In Mathew 19:12, when Jesus spoke of "some eunuchs, which were so born from their mother's womb" (KJV), some people believe He refers to men who were not sexually attracted to women. In fact, the Early Church Father Clement of Alexandria wrote that "some men, from birth, have a natural aversion to a woman; and indeed those who are naturally so constituted do well not to marry" (Miscellanies 3.1). Granted, this does not expressly encourage homosexual relationships, but it does give biblical merit to the possibility that homosexuals are "born that way."

Okay...it is not my intention to write a thesis here. But Bible was thrown at me (though the throwers already know well that I know what the Bible says about it), so here is just a very small example of the possibility of various interpretations of Scripture. Other writers have written more and better on the subject; you can look them up if you so desire. So when I say I love Jesus AND am in a same-sex relationship, don't breathe fire at me and say it is impossible. Don't tell me God said, "If you love Me, keep My commandments." In fact, if you are not clothing the naked, feeding the hungry, and visiting the sick, widows, orphans, and imprisoned, don't talk to me about "what the Bible says" at all, because apparently you don't know as well as you think you do.

Oh yeah, and beyond the biblical, there's a little thing called science to consider, too. But of course, that's another post for another day. ;)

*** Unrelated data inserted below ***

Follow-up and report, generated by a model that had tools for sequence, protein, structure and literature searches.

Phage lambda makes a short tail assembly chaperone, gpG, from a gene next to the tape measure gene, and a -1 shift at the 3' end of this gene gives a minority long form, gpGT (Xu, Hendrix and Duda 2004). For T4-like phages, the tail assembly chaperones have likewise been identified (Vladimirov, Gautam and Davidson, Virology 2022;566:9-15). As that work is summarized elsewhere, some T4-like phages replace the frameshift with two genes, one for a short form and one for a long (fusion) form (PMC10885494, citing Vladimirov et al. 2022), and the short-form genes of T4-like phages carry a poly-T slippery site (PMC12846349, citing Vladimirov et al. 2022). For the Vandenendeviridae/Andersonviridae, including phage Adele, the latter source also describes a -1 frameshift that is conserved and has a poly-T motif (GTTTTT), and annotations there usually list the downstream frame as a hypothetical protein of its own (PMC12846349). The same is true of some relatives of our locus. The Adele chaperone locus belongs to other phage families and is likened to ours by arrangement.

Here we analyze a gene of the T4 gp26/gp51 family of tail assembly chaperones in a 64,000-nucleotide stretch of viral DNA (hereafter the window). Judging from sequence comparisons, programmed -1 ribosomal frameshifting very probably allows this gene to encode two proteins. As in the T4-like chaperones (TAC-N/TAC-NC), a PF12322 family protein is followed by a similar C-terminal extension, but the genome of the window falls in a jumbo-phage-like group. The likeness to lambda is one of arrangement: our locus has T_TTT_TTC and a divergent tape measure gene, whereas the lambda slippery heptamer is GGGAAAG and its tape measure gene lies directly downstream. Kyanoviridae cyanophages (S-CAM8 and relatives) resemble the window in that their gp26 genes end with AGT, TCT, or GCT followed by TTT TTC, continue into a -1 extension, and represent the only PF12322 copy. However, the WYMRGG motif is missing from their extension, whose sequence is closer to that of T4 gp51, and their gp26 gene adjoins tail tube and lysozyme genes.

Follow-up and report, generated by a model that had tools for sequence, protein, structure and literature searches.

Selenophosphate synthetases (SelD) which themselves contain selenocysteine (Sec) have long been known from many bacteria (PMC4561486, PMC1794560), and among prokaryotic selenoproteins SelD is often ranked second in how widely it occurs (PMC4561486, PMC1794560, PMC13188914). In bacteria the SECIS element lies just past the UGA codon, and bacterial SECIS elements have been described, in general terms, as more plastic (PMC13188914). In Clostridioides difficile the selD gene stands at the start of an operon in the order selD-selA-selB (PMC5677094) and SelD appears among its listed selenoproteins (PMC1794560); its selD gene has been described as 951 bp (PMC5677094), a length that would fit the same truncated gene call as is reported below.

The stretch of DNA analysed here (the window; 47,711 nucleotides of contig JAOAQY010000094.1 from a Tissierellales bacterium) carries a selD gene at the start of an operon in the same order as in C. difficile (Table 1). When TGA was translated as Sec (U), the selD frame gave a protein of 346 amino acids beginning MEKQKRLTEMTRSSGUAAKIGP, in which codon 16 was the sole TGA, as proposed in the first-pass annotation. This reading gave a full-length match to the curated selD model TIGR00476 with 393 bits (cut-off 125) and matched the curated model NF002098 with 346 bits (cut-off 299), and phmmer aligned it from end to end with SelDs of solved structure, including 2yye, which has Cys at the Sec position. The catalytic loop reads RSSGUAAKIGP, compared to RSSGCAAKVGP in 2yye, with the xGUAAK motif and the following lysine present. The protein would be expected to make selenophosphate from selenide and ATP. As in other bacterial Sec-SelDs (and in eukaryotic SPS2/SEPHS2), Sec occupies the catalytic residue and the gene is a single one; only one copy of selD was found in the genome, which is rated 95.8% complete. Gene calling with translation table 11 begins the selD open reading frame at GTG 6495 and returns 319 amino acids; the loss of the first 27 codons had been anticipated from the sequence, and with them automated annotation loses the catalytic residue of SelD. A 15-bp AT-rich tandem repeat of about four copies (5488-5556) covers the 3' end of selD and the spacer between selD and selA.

4 comments:

  1. This comment has been removed by the author.

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  2. I apologize what I meant to say is that I dont believe that you have to answer to except your god and yourself

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  3. I'm curious: Is the Hebrew word for "abomination" in Leviticus 18 the same that's used in Leviticus 11? I'm thinking if it is, then I'd have been in trouble, because I like shrimp. But if the Hebrew word is different in those passages, what would that mean? Could, perhaps, the shrimp be "ceremonially unclean" while other things are more detestable?


    Also: Why have you linked Leviticus 18 and 19?

    When I read through them, I see Lev 18:1, "And the LORD spake unto Moses," and then comes a bunch of statutes that are, save for verse 21, entirely related to sexual sin, and then, in vs 24-30, God closes His message on sexual sins saying, "don't do any of these abominable things."

    Luke 19 looks to me like an entirely new message, because it starts out, "And the LORD spake unto Moses," but it's not as heavy-handed as Lev 18 -- you don't see the a-word, and, unless I overlooked something, there's no mention of capital punishment.


    And, good point about fundamentals failing to feed the hungry and do other charitable deeds. I'm pondering an initiative to combat "Christian inactivism".

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  4. Well phrased and very enlightening. :) I wish you all the best. There will always be stupid people out there. If they throw the Bible at you, duck fast...
    Also, welcome to A to Z! Looking forward to reading more of your posts! Are you doing a theme this year? We are doing a A to Z Theme Reveal Blogfest! Join us if you want.
    Cheers!
    Tarkabarka
    #TeamDamyanti minion